The ABS-epoxy blend may be formed by admixing the ABS graft copolymer with the epoxy resin while stirring or otherwise admixing the components under melt conditions. It is preferable to conduct such admixing under elevated temperature conditions (e.g., 135° to 150° C.) in order to decrease the viscosity of both the epoxy resin and ABS graft copolymer. Incremental addition of the ABS graft copolymer to the epoxy resin generally enhances the ease of dispersal of the copolymer in the epoxy resin.
The two components can be combined in various proportions depending upon the physical characteristics desired in the final product. Generally, weight ratios of ABS graft copolymer to epoxy resin ranging from about 1:99 to 99:1 have been found to be suitable. Ratios of 1:4 to 4:1 are particularly preferred.
If desired, a reactive crosslinking agent can be utilized to crosslink (i.e., cure) the blend although such an aspect is not preferred. Known cross-linking agents such as polyamines, e.g., triethylenetetramine, boron trifluorideamine complex, dibasic acid anhydride, substituted imidazoles, phenolics, and substituted phenol catalysts, and urea resins are suitable. The curing agent may be present in amounts ranging from about one percent by weight to about ninety percent by weight of the blend depending upon the specific curing agent and epoxy resins being utilized. Lewis acid curing agents, such as stannous chloride and boron trifluoride require relatively low amounts, i.e., from about one to about five percent, whereas the amine complexes may require from four to fifteen percent and the carboxylated materials, e.g., carboxy terminated butadiene and methacrylic acid, as well as polyamides, such as those prepared by condensation of polymerized unsaturated acid with diamines, may require as much as fifty to ninety percent by weight.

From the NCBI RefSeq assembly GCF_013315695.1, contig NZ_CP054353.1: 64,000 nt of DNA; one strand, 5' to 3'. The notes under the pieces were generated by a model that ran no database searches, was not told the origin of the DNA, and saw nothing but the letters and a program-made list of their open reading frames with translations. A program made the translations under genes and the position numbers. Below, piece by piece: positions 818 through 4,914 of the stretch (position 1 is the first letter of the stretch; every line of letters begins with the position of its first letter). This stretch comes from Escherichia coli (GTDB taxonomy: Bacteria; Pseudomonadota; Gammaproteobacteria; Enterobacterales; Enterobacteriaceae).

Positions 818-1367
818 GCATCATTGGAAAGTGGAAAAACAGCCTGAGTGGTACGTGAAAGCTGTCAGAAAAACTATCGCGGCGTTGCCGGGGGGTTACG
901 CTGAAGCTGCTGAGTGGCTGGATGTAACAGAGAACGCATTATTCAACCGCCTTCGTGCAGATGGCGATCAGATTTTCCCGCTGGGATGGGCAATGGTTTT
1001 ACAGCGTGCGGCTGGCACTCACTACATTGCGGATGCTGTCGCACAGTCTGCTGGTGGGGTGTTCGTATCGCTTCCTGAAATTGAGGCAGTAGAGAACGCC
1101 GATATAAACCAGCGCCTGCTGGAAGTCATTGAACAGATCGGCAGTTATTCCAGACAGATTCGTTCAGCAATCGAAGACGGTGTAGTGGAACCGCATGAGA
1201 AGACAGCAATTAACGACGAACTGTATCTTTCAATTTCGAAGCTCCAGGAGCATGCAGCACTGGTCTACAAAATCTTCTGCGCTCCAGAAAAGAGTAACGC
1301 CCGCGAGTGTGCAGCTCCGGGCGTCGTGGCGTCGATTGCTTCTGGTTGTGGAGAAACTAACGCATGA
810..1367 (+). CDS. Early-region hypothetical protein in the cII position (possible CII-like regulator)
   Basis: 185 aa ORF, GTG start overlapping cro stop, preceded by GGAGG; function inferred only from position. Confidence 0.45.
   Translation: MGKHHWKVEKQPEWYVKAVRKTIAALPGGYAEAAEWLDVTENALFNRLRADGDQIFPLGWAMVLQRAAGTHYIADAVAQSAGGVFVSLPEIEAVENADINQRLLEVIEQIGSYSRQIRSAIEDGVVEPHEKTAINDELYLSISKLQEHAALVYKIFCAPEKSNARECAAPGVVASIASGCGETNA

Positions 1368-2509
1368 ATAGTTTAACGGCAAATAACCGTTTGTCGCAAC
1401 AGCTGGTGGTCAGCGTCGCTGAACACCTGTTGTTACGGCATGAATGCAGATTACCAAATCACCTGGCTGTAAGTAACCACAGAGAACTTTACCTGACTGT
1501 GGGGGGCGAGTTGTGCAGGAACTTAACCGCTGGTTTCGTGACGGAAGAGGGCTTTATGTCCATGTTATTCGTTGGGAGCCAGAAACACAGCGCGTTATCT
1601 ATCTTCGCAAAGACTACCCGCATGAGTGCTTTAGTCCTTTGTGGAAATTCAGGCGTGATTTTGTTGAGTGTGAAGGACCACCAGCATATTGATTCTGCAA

Subsequent to formation of the epoxy-ABS graft copolymer composition, the composition can be hot melt processed without the additional use of solvents. Other types of conventional thermosetting (e.g., epoxy) resins can also be added thereto to enhance various characteristics of the resulting product without causing the ABS graft copolymer to separate from the admixture. Such a result is indeed surprising and deemed to be a major advantage of the invention. Such additional epoxy resins include but are not limited to the reaction products of epichlorohydrin and polyhydric compounds such as glycerin and bisphenol.
A sizing solution can be prepared by adding the epoxy-ABS admixture into a container together with acetone to produce a 2 to 5 percent solution with stirring by means of a magnetic stirrer.
The solution which is capable of forming the size coating may be applied to the carbon fibers by any suitable technique such as dipping, padding, etc. The solution preferably is provided at a temperature of approximately room temperature (e.g. approximately 25° C.) when applied to the carbon fibers. Once the solution is applied, the solvent contained therein is substantially volatilized by heating in an appropriate zone which is provided at a more highly elevated temperature. The temperature of such zone will be influenced by the boiling point of the solvent selected and preferably does not exceed approximately 150° to 160° C. Heating times of approximately 2 minutes have been found to be satisfactory. Appropriate equipment and safety precautions must be taken to insure the safety of personnel in the area and to effectively deal with the explosion hazard created by solvent vapors. Every effort is made to remove the solvent to the fullest extent possible.